After decades of million-dollar donations to organizations like the Atlanta Symphony Orchestra, the Tides Foundation and Wild Montana, the Kendeda Fund will close its doors by the end of the year. This decision was made by Blank in 2013, prompting a ramping up in the foundation’s giving over the past decade. Around $141 million of Blank’s donations have gone to causes in Atlanta while $104 million went to Montana. Other focus areas for the organization include girls’ rights, gun violence prevention, veterans health and southeast sustainability.
Blank has largely shied away from the public eye. She kept her donations anonymous until 2013, when she revealed her identity and her approach to “unrestricted funding,” a method of philanthropy where donors don’t have a say in how funds are spent, in an interview with the Atlanta Business Chronicle. “I just followed the things I was interested in—education, the environment, the arts. We did not have to go through layers of approval,” she said.
A couple changes their mind on a rescinded pledge
In Wenham, Massachusetts, Gordon College announced a $26.5 million commitment from real estate developer Dale Fowler and his wife Sarah Ann. The couple has a long and tumultuous history of philanthropy involving the private Christian college, having previously rescinded a donation to the school after years of gifts.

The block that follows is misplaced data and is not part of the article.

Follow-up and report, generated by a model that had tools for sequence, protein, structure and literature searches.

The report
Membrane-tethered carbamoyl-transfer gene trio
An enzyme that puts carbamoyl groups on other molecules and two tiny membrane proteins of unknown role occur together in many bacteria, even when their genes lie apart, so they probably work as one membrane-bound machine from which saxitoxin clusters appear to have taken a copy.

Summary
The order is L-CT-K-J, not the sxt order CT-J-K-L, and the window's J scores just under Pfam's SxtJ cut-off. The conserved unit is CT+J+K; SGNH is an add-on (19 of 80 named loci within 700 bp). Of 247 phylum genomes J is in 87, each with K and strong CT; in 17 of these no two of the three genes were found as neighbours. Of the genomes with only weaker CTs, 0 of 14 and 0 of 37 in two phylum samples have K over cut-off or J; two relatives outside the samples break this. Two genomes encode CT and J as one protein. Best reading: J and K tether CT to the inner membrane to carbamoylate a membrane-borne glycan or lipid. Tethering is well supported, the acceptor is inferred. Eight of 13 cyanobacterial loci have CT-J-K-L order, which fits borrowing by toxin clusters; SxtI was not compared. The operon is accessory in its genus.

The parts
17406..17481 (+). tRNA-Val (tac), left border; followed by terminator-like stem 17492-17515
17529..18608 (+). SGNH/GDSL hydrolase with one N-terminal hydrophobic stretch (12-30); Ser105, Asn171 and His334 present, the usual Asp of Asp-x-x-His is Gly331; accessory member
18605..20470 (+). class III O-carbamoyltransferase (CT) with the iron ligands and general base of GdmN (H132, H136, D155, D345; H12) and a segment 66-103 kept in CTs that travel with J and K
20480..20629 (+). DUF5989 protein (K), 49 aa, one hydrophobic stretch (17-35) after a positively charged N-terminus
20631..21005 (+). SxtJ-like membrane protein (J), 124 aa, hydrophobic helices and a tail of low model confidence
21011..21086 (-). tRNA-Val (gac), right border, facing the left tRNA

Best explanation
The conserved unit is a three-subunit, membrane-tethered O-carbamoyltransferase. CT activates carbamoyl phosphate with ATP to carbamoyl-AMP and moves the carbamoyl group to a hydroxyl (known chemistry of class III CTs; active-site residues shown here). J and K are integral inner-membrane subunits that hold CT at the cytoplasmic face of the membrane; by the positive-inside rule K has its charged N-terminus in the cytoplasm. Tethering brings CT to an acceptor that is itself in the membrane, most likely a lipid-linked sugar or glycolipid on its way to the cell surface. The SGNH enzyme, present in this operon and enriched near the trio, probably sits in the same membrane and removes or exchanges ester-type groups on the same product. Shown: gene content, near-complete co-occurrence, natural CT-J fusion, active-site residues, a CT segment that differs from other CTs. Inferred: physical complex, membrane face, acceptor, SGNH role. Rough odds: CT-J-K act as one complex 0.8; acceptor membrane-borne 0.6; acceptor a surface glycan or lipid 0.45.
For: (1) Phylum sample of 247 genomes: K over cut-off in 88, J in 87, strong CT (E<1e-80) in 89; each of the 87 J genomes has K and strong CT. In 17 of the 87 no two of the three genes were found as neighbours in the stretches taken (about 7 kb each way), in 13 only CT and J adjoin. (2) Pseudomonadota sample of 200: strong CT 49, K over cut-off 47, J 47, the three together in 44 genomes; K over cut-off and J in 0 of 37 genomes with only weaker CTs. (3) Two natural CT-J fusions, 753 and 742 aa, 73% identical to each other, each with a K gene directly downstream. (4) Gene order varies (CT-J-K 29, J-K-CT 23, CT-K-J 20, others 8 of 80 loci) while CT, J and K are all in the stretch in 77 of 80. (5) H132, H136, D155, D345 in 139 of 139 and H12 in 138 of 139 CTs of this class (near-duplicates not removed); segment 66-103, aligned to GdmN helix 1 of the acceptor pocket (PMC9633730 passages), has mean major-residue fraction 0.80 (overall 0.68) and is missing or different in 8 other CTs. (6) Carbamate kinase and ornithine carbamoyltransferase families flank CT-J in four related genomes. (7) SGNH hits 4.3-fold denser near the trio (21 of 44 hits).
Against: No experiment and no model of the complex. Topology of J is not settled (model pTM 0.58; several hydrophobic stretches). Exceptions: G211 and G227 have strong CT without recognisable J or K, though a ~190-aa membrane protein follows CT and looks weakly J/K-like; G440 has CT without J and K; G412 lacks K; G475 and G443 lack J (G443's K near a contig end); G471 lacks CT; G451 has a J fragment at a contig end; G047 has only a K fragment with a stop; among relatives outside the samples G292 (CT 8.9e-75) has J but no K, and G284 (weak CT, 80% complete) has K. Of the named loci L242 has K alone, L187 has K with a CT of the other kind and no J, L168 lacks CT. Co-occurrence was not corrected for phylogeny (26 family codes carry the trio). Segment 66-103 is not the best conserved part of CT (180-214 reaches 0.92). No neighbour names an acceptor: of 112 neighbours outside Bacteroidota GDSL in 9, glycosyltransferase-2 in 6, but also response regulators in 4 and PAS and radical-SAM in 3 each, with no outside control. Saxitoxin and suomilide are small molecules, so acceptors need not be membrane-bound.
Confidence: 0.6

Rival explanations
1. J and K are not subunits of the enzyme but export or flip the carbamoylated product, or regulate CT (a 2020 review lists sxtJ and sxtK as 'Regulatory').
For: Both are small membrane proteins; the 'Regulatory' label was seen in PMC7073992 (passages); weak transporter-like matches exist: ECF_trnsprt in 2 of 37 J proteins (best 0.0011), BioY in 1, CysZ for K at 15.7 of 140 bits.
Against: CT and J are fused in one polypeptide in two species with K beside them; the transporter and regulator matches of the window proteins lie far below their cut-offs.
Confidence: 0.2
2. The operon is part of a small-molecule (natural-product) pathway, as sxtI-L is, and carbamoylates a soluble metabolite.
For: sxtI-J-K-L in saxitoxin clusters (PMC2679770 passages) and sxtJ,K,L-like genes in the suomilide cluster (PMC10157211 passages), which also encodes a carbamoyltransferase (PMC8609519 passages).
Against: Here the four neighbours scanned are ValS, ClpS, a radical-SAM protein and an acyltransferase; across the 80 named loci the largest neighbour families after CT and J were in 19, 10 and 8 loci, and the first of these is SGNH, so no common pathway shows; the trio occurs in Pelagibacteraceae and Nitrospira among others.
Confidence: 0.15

The college’s 475-acre campus is named in honor of the Fowlers, who have helped fund renovations to Gordon College’s buildings in addition to donating a fleet of electric vehicles. They announced a $60 million gift to the school in 2007, later tacking on an extra $50 million. But the couple decided to reverse the latter donation after they took issue with Michael Lindsay, who became Gordon’s president in 2011. “We have not had a very pleasant relationship with that individual,” Dale told the Boston Business Journal in 2015.
But he appears to have a more positive view of Gordon’s current president, Michael Hammond, who took over the position in 2021. “We are very impressed with this new president and his team and their willingness to innovate in not only their academic program and the campus experience, but in how they are telling the great story of Gordon,” said Dale in a statement. The Fowlers have long been big donors in education, having given $100 million to Chapman University for its engineering and law schools, in addition to making a $28.5 million donation to California Baptist University earlier this year.